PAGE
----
What Does Cooking With Cannabis Mean?
While cannabis can be smoked, vaped, dabbed, and ingested in other ways, cooking with it has become very popular. Cooking with cannabis goes beyond the use of and making of marijuana in edibles; it includes everything from using marijuana as a seasoning to transforming it into a cooking oil.
Cooking with cannabis is opening up many doors for medical marijuana as we as recreational users. It's now being used as an ingredient in things like salad dressings, soups, side dishes, condiments, marinades, and more.
Maximum Yield Explains Cooking With Cannabis
Cannabis has been used for thousands of years. While most people are familiar with inhaling the smoke from burning marijuana, cooking with cannabis is also a time-tested way of enjoying the properties of this plant. You’re likely familiar with edibles – marijuana added to cookies or brownies, for example – but cooking with cannabis goes much further.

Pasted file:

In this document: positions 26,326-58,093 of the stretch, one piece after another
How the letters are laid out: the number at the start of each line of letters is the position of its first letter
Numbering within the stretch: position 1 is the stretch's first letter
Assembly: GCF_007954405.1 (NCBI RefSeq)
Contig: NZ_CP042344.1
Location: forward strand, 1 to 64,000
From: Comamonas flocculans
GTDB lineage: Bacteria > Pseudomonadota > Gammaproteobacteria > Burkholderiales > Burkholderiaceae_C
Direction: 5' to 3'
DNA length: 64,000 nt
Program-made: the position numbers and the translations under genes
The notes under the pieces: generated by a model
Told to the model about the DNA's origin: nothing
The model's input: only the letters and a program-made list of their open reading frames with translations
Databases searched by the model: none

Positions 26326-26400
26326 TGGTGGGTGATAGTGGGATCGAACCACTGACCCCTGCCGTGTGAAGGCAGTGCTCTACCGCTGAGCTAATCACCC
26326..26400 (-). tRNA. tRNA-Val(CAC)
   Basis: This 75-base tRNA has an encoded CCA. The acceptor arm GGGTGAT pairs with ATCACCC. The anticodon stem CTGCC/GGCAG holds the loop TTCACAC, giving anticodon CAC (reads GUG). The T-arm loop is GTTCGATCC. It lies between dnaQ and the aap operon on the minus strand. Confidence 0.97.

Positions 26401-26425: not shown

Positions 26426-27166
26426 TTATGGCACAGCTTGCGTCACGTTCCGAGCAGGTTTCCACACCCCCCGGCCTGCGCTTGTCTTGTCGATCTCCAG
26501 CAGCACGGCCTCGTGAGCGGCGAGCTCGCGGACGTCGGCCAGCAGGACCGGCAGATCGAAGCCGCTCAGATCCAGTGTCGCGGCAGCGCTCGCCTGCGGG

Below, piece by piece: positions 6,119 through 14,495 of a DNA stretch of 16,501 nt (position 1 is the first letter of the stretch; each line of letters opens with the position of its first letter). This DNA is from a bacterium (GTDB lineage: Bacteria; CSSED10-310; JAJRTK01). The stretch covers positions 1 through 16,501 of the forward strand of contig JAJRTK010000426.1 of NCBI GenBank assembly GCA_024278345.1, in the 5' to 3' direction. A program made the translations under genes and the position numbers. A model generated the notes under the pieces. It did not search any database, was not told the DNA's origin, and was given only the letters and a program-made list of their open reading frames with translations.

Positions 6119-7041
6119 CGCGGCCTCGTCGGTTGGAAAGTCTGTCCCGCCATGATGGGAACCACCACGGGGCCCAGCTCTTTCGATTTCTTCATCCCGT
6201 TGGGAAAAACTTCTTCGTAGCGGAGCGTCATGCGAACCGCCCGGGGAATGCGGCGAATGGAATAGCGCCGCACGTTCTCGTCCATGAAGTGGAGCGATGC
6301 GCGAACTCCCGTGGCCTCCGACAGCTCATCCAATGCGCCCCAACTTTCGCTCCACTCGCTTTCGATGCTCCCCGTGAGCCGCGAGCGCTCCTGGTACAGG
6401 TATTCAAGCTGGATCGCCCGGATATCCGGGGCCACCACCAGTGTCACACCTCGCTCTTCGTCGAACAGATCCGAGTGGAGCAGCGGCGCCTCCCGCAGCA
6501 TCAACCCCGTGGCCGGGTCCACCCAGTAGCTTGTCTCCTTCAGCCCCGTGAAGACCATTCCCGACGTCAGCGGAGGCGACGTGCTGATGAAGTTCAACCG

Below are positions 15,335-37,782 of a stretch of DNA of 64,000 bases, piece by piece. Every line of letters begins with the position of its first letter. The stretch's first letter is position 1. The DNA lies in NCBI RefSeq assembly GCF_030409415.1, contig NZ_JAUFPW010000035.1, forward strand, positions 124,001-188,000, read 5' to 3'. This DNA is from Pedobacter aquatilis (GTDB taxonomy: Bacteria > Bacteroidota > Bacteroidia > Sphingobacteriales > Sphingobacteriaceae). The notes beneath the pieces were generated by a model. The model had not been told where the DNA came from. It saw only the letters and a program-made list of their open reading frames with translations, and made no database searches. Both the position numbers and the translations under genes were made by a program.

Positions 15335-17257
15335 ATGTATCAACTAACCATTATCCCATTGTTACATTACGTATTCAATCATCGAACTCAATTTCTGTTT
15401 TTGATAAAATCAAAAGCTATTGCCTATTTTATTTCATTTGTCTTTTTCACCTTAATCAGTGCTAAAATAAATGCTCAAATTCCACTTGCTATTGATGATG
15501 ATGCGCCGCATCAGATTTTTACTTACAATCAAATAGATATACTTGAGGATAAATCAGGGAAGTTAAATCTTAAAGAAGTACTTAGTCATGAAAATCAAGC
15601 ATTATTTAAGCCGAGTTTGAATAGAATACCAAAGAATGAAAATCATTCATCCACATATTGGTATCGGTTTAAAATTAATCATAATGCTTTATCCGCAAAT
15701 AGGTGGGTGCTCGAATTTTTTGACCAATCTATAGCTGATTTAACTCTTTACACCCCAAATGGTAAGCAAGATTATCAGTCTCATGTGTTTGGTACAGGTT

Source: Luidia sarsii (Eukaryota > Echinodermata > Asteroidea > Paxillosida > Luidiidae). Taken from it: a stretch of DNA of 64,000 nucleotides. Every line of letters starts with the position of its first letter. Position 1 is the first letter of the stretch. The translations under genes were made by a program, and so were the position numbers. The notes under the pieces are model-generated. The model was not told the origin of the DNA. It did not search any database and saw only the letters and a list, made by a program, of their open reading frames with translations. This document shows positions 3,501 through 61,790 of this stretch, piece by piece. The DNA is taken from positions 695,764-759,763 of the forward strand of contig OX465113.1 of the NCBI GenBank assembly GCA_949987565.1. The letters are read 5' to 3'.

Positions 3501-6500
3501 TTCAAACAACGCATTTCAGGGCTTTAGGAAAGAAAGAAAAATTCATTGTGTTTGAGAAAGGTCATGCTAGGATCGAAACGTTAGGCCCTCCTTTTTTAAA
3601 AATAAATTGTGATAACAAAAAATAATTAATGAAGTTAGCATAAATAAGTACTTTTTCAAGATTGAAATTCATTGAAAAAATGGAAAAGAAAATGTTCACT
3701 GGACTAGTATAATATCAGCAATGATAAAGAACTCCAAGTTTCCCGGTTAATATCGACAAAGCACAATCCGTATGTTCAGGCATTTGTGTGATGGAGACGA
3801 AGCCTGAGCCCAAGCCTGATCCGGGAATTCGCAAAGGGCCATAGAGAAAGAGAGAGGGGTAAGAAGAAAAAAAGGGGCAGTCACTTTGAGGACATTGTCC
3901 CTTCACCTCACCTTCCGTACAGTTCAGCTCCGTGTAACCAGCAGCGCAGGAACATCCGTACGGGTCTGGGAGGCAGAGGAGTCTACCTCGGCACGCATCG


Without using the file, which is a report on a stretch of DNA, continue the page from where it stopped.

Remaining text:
One popular option is to create cannabis-infused cooking oils. You can do this with any type of cooking oil, but olive oil is the recommended option. Combine a cup of olive oil with a cup of dried cannabis flowers and heat thoroughly in a double-boiler. Keep it on low for eight hours, and then strain the mixture into a sealable bottle. Use the oil as you would normally. Note that you should never exceed 245 degrees, or you’ll scorch your cannabis.
Another popular option is to infuse butter with cannabis. Basically, this really involves nothing more than melting butter down, adding ground cannabis, and then keeping the mixture hot (but not scorching) for up to eight hours to extract the cannabinoids. Strain the mixture into another container and let it cool, then use it like you would any other butter.
Note that you need to ensure that you’re measuring your ingredients correctly. Too much cannabis can lead to problems, but too little can leave you wanting. It’s also important that you realize the flavors of everything you add to the butter or oil will transfer over, and that includes stems and leaves if they get into the mix.
Check out Chef Sebastian Carosi's Cooking with Cannabis column for recipes and more information.